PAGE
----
Millions Could Be Saved with Better Antimicrobial Prescribing

the MPR take:

Overuse and inappropriate use of antimicrobials can lead to patient harm and contribute to antimicrobial resistance and unnecessary healthcare costs. Overprescribing or redundant treatments may occur from systemic and/or individual practitioner factors, lack of knowledge of the antimicrobial spectra, intentional prescribing errors, or a drive to meet patient expectations. A retrospective analysis of administrative data on hospitalized patients discharged between January 1, 2008 and December 31, 2011 found that 78% of acute care hospitals had evidence of one or more of the 23 combinations of potentially redundant antimicrobial coverage. The intravenous metronidazole and piperacillin-tazobactam combination was administered the most (53%), with three antianaerobic regimens accounting for 70% of all cases. It is estimated that the total potential cost savings from reducing the 17 most common redundant antimicrobial combinations could exceed $12.9 million for these hospitals during the study time frame. All healthcare facilities should consider antibiotic stewardship policies to save money and improve patient outcomes, the authors urge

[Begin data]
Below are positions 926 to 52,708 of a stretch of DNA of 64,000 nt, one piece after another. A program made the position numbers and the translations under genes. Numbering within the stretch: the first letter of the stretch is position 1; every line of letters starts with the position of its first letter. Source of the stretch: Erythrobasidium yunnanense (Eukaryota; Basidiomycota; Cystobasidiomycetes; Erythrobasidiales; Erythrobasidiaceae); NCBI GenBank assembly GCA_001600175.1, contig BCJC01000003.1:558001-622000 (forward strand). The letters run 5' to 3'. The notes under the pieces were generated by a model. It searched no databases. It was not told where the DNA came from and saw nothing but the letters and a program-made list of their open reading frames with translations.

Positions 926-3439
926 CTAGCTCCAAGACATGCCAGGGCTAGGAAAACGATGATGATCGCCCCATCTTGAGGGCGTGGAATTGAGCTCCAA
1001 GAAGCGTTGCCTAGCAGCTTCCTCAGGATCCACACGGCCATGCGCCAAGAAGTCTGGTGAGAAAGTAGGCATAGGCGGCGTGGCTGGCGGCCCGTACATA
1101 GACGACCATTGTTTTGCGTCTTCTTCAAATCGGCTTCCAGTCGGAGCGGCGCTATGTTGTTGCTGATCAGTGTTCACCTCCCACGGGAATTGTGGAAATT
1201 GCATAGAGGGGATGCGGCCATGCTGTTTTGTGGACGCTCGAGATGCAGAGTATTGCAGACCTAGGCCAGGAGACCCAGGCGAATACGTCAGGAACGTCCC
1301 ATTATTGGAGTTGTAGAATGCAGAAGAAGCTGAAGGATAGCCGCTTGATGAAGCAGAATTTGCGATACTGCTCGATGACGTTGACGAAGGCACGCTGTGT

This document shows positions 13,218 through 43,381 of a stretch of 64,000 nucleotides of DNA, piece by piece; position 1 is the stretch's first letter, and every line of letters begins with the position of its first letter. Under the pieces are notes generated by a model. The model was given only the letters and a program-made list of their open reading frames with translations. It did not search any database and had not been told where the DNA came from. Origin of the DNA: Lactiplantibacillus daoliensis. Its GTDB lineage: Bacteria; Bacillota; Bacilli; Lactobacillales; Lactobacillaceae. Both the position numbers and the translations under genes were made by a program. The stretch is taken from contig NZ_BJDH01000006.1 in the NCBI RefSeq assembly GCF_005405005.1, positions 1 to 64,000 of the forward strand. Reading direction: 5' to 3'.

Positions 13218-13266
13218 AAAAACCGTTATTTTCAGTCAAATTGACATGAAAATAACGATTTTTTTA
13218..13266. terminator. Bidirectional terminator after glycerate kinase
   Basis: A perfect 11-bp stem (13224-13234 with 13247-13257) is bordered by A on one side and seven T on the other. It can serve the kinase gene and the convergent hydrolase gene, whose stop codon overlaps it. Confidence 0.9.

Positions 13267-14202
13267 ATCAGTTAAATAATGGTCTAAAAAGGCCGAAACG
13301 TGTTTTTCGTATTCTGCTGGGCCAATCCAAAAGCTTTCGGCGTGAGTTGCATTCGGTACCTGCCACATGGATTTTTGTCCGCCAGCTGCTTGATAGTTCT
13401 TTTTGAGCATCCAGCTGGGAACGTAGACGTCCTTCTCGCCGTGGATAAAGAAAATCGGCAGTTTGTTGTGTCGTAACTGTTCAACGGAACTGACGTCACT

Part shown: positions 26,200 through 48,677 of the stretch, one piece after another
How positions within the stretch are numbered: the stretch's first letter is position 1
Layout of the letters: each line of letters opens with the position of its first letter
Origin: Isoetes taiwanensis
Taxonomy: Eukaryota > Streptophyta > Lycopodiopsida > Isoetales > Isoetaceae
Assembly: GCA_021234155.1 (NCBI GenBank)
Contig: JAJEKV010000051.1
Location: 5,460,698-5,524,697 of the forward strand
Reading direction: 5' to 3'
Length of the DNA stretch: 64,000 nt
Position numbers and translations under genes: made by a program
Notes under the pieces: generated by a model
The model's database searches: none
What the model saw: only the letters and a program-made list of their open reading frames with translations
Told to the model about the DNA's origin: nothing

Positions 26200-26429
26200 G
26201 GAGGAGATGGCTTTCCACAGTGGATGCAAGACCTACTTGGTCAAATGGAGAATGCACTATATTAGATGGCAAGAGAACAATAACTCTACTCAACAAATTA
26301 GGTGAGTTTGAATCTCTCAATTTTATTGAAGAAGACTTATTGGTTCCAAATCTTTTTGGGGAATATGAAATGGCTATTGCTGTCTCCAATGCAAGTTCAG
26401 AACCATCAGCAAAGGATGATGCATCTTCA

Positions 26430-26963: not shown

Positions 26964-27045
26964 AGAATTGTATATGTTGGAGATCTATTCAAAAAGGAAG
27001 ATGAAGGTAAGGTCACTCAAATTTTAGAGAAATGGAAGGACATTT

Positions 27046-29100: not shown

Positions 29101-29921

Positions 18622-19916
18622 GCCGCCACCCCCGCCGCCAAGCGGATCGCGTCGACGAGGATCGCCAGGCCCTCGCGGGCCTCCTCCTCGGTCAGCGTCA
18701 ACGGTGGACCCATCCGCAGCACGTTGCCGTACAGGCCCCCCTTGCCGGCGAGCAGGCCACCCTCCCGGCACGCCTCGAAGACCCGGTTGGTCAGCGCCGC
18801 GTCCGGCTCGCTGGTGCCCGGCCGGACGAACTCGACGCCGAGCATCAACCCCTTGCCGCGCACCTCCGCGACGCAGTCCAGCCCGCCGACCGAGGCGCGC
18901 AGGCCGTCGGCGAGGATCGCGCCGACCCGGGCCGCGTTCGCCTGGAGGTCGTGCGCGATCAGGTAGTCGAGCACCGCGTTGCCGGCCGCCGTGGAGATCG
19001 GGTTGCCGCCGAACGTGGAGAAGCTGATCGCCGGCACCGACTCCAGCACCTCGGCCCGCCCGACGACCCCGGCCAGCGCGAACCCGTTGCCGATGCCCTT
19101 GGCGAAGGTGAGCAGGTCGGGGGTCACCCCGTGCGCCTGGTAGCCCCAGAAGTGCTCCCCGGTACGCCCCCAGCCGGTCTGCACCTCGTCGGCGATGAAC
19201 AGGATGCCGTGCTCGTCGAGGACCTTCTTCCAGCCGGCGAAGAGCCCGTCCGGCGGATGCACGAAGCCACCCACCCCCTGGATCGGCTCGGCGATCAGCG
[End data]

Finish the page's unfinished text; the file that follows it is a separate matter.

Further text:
Overutilization of antimicrobial therapy places patients at risk for harm and contributes to antimicrobial resistance and escalating healthcare costs. Focusing on redundant or duplicate antimicrobial therapy is 1 recommended strategy to reduce overutilization and its attendant effects on patient safety and hospital costs.

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